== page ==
Although radiant barriers are excellent at improving energy-efficiency, they aren’t the same as typical insulation. This is why this material has no R-value, as it does not absorb heat. Instead, radiant barriers will reflect heat thanks to the reflective properties on their surfaces. This can block up to 90% of heat from coming inside of your home, keeping the temperature low even when it’s hot outside.
Most contractors recommend having radiant barriers installed in attics and garages to help reflect heat where the sun will hit the hardest. The cost per square foot will vary from .10 to .90, depending on the coverage needed and the brand of material being used. While radiant barriers are effective, it’s best to use them in addition to your choice of insulation rather than instead of it.
Rigid Foam Board Insulation
Rigid foam panels are high-performing insulation materials for both commercial and residential structures. There are three main types of foam panels you can choose from, including PIR (polyisocyanurate), XPS (extruded polystyrene), and EPS (expanded polystyrene). PIR insulation is normally installed with aluminum facing on commercial and residential roofs.
However, it’s generally not recommended for walls in colder climates, as it’s not as effective as other types of material. XPS panels have an R5 rating per inch, although most contractors agree that they lose performance over time. However, by choosing above-grade foam rather than low-grade foam, you’ll find that the material is able to resist moisture and will perform beautifully. It can be used on roofs and areas underneath slabs for improved insulation performance. With so many differences in XPS panels, it’s crucial to work with a contractor who will take the time to find the best quality material for you. EPS has a slightly lower R-value of R4 per inch, although it does not retain moisture because of its structure. The thicker EPS boards you have, the better the outcome will be. It’s best used in existing walls, especially if combined with additional insulation to enhance the benefits it has to offer.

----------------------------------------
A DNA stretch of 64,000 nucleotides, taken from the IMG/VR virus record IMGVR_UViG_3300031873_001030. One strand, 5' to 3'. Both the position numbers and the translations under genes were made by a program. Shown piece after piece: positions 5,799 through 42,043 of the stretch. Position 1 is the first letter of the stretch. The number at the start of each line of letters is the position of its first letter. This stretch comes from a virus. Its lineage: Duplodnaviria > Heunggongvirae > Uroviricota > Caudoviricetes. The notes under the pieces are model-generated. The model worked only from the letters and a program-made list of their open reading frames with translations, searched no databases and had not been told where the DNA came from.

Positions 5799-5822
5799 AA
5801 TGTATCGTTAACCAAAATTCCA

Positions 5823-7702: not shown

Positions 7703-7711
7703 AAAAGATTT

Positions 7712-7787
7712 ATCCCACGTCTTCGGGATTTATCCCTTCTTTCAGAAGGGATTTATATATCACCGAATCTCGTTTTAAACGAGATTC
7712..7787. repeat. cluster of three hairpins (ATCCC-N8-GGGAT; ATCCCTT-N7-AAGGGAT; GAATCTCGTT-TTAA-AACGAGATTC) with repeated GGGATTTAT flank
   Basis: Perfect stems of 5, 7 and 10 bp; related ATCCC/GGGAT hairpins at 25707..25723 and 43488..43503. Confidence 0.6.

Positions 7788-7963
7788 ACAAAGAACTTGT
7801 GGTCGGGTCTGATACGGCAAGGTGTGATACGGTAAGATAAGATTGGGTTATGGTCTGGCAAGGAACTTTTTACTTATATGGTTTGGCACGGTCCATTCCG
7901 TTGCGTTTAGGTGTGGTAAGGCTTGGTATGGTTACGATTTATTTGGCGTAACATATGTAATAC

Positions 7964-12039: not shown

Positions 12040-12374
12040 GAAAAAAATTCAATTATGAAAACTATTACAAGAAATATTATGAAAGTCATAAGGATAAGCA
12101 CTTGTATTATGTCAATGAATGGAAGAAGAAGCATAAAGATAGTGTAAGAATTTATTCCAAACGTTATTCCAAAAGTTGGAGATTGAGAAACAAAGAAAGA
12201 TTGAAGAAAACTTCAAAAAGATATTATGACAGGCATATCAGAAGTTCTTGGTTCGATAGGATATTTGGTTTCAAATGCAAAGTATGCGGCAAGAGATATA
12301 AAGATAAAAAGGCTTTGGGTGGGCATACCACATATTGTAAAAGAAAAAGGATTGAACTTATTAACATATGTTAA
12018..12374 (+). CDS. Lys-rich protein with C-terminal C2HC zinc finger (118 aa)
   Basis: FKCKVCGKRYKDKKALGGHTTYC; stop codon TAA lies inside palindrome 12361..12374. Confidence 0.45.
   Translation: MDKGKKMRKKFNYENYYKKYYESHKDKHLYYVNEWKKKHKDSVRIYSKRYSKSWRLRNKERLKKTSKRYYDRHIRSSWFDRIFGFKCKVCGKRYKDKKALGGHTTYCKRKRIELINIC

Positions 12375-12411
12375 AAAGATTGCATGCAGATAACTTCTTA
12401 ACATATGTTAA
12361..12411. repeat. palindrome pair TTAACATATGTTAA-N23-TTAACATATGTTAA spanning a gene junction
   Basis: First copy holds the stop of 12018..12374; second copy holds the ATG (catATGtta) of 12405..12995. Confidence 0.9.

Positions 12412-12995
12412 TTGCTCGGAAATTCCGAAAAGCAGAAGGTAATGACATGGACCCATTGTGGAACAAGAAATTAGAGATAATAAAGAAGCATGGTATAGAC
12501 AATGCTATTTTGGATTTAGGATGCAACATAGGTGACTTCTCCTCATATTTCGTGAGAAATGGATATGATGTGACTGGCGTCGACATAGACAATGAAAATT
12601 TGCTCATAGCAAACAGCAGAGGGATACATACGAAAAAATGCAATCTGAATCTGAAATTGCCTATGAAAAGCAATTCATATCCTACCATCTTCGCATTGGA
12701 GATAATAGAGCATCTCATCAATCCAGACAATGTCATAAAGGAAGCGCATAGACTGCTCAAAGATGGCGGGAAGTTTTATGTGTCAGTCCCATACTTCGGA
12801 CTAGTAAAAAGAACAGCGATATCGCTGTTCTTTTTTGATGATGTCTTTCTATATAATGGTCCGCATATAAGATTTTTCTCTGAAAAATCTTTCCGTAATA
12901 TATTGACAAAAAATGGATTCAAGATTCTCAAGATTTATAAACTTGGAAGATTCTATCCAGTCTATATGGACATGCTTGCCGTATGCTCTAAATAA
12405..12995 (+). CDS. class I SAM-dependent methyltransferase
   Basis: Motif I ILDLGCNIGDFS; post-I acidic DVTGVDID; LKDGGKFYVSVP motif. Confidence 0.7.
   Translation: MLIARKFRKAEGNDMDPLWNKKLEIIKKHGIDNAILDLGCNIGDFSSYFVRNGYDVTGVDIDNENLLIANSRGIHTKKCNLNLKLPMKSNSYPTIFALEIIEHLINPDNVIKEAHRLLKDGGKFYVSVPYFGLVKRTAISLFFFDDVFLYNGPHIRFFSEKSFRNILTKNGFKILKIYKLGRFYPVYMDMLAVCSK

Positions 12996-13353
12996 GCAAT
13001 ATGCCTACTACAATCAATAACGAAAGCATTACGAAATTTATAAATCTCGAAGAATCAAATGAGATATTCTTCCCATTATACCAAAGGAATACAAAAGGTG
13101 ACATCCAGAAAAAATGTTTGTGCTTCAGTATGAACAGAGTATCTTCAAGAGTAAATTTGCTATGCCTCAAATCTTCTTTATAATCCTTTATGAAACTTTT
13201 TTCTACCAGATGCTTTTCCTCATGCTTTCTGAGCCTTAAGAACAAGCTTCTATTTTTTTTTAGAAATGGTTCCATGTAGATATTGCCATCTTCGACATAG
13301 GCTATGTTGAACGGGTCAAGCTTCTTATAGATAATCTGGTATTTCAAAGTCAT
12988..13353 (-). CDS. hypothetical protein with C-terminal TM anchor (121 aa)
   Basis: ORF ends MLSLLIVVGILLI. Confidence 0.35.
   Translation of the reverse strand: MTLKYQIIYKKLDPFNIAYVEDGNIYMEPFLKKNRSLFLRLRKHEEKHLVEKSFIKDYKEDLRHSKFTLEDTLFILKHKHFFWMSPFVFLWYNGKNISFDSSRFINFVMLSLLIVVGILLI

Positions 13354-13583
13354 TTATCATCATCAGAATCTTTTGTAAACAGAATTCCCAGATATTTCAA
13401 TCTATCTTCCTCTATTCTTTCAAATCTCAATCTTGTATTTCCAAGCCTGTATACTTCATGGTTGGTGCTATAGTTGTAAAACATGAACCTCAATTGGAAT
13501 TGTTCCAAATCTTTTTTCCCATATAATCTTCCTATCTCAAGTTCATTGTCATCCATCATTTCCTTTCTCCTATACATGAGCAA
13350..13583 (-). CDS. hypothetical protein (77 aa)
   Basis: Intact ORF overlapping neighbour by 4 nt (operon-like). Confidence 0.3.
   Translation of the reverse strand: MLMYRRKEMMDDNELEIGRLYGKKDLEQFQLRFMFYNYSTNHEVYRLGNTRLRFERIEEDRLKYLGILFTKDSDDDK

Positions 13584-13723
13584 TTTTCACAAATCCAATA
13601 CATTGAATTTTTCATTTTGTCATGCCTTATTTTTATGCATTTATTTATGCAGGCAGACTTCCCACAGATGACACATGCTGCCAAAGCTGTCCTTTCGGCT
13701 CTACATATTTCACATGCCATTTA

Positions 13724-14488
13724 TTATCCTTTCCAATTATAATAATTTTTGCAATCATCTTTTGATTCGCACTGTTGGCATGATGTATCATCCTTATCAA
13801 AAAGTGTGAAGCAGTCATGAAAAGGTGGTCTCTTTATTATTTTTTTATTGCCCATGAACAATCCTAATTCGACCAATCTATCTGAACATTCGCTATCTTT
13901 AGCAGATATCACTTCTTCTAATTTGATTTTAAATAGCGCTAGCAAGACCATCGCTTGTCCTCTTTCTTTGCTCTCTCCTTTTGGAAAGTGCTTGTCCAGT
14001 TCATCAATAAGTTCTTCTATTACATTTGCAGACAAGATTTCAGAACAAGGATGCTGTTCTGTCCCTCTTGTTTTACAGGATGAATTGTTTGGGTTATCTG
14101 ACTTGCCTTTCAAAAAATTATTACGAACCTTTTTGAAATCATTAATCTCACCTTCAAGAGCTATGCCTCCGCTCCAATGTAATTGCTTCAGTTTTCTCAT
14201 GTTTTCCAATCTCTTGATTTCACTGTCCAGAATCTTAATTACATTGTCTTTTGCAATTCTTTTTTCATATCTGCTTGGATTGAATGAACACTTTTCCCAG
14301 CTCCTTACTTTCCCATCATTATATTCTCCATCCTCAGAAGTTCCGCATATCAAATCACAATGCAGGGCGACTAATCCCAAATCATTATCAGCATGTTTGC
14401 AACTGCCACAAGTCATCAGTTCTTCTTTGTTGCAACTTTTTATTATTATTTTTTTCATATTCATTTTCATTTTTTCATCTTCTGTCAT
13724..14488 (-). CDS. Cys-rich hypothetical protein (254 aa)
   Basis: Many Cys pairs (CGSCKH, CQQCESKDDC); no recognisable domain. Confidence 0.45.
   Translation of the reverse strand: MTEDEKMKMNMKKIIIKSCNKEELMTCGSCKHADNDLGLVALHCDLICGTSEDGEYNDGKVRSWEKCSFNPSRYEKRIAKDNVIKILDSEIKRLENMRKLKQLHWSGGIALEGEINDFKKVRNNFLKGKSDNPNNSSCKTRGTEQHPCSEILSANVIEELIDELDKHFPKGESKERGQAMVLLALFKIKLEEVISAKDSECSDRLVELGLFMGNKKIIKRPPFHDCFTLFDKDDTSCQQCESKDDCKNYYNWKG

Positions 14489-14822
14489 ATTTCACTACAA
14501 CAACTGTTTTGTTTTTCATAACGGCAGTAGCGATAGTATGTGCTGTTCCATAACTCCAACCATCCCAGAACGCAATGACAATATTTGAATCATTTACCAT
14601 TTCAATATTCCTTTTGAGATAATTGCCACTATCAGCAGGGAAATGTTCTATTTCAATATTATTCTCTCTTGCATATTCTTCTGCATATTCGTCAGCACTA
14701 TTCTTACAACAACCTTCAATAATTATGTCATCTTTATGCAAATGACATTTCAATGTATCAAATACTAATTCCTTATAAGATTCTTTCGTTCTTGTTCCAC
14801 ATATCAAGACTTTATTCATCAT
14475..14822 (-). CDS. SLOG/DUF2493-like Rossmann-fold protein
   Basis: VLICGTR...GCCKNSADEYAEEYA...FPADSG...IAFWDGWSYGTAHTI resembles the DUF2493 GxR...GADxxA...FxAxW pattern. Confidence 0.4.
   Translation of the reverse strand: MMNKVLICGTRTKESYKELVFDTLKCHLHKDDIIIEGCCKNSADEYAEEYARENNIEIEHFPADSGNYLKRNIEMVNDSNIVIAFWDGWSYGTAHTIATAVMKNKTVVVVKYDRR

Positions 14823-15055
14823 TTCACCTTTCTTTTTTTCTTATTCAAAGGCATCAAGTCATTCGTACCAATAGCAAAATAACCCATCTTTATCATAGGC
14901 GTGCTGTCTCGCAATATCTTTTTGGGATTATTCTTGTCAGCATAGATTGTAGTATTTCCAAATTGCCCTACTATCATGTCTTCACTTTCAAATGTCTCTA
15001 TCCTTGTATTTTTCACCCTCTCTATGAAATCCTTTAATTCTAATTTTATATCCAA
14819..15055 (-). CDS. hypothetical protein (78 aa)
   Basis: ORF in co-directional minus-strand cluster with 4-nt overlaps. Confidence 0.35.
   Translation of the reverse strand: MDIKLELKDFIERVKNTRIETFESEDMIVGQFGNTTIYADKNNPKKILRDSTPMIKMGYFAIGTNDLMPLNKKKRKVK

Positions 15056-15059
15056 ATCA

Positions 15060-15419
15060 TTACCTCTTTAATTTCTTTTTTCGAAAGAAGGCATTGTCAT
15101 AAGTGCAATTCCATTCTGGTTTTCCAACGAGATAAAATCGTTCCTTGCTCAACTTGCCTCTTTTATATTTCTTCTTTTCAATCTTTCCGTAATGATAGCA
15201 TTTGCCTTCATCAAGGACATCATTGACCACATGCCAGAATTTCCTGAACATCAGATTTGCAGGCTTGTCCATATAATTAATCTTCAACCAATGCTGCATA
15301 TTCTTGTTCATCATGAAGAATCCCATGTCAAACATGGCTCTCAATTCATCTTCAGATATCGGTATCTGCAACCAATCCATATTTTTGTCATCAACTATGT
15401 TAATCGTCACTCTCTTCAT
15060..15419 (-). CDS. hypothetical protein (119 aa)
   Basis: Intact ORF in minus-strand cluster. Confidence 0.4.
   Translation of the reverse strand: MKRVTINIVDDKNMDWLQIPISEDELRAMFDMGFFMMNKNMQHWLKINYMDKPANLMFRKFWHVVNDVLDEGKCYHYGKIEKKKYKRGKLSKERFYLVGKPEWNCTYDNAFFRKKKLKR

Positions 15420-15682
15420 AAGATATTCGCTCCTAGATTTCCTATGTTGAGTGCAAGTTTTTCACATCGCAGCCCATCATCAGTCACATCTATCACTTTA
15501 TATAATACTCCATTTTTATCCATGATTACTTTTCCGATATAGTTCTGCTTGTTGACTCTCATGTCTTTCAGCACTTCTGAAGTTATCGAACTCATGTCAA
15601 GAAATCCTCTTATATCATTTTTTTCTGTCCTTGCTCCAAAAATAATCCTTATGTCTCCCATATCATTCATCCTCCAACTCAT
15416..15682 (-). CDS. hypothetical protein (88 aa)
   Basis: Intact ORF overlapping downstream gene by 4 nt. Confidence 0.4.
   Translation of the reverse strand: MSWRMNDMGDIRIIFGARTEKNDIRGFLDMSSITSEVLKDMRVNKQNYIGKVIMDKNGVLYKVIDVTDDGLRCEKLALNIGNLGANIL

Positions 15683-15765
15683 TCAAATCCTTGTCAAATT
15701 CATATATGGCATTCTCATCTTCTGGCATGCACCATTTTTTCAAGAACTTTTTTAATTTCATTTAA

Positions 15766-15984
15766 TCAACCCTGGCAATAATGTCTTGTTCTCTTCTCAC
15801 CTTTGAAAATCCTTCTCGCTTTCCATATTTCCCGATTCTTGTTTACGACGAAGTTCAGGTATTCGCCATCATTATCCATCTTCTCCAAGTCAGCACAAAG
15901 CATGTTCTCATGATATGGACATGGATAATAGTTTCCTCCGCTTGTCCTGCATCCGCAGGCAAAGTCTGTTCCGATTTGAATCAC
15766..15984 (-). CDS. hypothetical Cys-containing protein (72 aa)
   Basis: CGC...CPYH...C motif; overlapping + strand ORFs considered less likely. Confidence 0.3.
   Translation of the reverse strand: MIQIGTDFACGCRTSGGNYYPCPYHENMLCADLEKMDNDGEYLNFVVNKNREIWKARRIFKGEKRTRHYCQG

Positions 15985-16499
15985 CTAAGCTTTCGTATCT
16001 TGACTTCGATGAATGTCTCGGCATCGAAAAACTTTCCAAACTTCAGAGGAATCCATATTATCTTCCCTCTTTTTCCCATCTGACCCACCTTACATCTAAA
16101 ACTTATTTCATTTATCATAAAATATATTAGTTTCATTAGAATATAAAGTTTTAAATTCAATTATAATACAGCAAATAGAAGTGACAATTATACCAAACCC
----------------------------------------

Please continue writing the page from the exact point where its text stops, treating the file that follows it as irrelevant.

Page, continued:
How the Action 1 Insulation
Team Can Help You With the Right Choices
Insulating your home properly means achieving the R-value that’s appropriate for the climate you live in. At Action 1 Insulation, our contractors will help you make sense of what R-value you need in each of the rooms of your home. In general, the R-value for exterior walls should be around R-20, ceilings should be around R-35, and attics should be R-35 as well. We’ll work with you to assess your needs, including how much sound transfer you’d like to cut between rooms or the outdoors.
Once we know what R-value you’d like for each area in your home, we can discuss the different types of insulation. We’ll talk about your budget, the size of the space, and how long insulation will take overall. Once your contractor lays out your option, it will be easier to decide which is right for your home. Many homeowners choose more than one insulation type, especially if they are adding to the existing installation. We’ll make sure we answer your questions and address all options so you can choose exactly what’s right for your home.
The last step our team at Action 1 Insulation takes to complete your insulation project is to take care of the installation. Fortunately, our team has the experience, knowledge, and know-how to do this right from the start. Whether you need insulation added, are replacing your insulation completely, or are starting from scratch, they’ll be able to take care of the job. We pride ourselves on excellent service with every job, including installation that is always done with care and quality.